The mood was set for October’s United States sales announcements when General Motors confirmed a new round of incentives shortly before releasing their October figures. Sure enough, the monthly results were not pretty, writes Bill Cawthon.

According to Ward‘s Auto, Americans bought just over 1.3 million light vehicles last month. That’s a 27.3% drop from last year’s record 1.722 million. The results were anticipated: October 2001 was a tough act to follow. That was a record month for car sales, fuelled by aggressive financing and appeals to patriotism following the September 11 tragedy.

Almost every car maker reported a decline in October, from Honda’s relatively small 5.8% drop, to Ford’s 33.9% plunge. GM took a 32.2% hit with passenger car sales plummeting 40.3%. Relatively speaking, Chrysler fared best of the Detroit manufacturers, with a 30.9% fall.

The German side of DaimlerChrysler did better. Driven by sales of the new E-Class, Mercedes-Benz had a record October and was again the best-selling luxury brand for the month. Still, based on daily sales rates, Mercedes came up a half-percent short of October 2001.

Even mighty Toyota took it on the chin. Japan’s largest car maker missed last year’s mark by almost 29,000 units, for a 20.6% loss. Lexus sales fell 22%, dropping it to fourth place among luxury brands, behind Mercedes, Cadillac and BMW.

BMW was the only manufacturer reporting a gain, although both the Munich manufacturer and Mercedes sold more vehicles last month than in October 2001. BMW’s 17.3% boost came largely from the new Mini line, but even without the popular British car, BMW brand sales improved by just over a quarter of a percent.

Even though the volume was smaller last month, some things were unchanged. Ford’s F-Series pickup remained America’s favourite vehicle, followed by the Chevrolet Silverado and Ford Explorer.

Best sellers among passenger cars were the same three that have been at the top of the heap for a decade. In October, the Camry reclaimed the crown from the Accord and the Taurus came in third.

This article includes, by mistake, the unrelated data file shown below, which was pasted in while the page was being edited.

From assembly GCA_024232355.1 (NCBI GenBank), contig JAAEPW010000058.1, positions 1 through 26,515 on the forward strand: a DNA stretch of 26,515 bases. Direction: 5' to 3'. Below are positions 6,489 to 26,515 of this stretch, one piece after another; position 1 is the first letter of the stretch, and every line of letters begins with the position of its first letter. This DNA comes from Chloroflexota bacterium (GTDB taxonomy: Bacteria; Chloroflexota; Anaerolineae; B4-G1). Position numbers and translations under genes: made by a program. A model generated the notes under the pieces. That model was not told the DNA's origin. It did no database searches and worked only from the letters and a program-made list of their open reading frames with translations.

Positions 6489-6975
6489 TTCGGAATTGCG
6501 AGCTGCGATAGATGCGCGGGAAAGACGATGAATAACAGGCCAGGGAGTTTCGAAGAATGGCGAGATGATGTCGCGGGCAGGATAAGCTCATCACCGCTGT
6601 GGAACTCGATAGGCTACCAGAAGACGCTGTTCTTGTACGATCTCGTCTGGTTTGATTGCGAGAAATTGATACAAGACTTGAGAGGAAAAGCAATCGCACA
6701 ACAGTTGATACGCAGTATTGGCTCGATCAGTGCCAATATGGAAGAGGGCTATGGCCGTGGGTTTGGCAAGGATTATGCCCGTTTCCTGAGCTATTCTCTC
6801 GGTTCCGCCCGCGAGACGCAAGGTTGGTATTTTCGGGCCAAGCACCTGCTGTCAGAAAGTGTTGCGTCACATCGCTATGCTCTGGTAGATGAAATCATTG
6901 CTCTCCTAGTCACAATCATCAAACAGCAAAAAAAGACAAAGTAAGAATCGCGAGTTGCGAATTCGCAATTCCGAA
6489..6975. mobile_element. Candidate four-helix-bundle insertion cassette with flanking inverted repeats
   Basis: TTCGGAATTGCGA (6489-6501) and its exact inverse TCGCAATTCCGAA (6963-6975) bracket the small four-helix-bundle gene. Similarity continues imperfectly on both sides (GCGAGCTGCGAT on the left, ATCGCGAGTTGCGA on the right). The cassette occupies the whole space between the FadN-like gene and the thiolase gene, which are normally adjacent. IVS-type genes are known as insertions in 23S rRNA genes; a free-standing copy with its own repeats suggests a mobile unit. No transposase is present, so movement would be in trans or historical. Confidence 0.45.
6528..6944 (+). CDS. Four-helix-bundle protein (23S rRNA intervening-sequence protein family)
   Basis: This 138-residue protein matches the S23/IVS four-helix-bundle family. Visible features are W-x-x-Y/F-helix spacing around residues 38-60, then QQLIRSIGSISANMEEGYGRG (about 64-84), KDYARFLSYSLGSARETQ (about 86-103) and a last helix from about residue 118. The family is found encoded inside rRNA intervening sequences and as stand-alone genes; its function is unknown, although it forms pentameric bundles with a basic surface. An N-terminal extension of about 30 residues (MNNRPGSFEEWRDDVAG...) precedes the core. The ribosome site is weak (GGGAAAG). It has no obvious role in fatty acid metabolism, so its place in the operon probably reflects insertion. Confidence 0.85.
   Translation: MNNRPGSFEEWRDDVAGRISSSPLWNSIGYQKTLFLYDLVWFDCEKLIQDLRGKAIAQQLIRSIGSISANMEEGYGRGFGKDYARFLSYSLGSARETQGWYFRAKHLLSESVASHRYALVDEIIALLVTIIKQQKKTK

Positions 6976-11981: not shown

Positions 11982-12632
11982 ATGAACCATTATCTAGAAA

Among minivans, the Dodge Caravan maintained its lead over the Honda Odyssey which has now replaced the Ford Windstar in second place.
And Ford is still outselling Chevrolet.

Compared to last October, light trucks commanded a larger share of total vehicle sales, with the Big Three taking the lion’s share. In passenger cars, the opposite remains true as more Americans choose import brands.

New models posted modest sales. Among the incomers, which include the Kia Sorrento and Subaru Baja, probably none is more crucial than Saturn’s Ion. The GM ‘import fighter’ division’s VUE sport-utility vehicle had strong sales in October, but the ageing S- and lacklustre Opel Vectra-based L-series are both fading fast.

October 2002’s results were enough to drop year-to-date sales 2.2% behind last year’s pace and the gap is expected to grow to as much as 5% by the end of December.

Many analysts blame the spectre of a potential war with Iraq, but the more likely culprit is consumer concern about the economy.

Saddam Hussein may be making weapons of mass destruction, but he’s not issuing pink slips [a tax form issued when a US employee leaves a job].

  • Source is country of manufacture.  Domestics are from U.S., Canada, Mexico.  Imports are from overseas. 
  • Light vehicles are cars and light trucks (GVW Classes 1-3, under 14,001 lbs.). 
  • DSR is daily sales rate.         
  • Source: Ward’s AutoInfoBank
    ©Copyright 2002, Ward’, a division of PRIMEDIA Business Magazines & Media Inc.  Redistribution prohibited.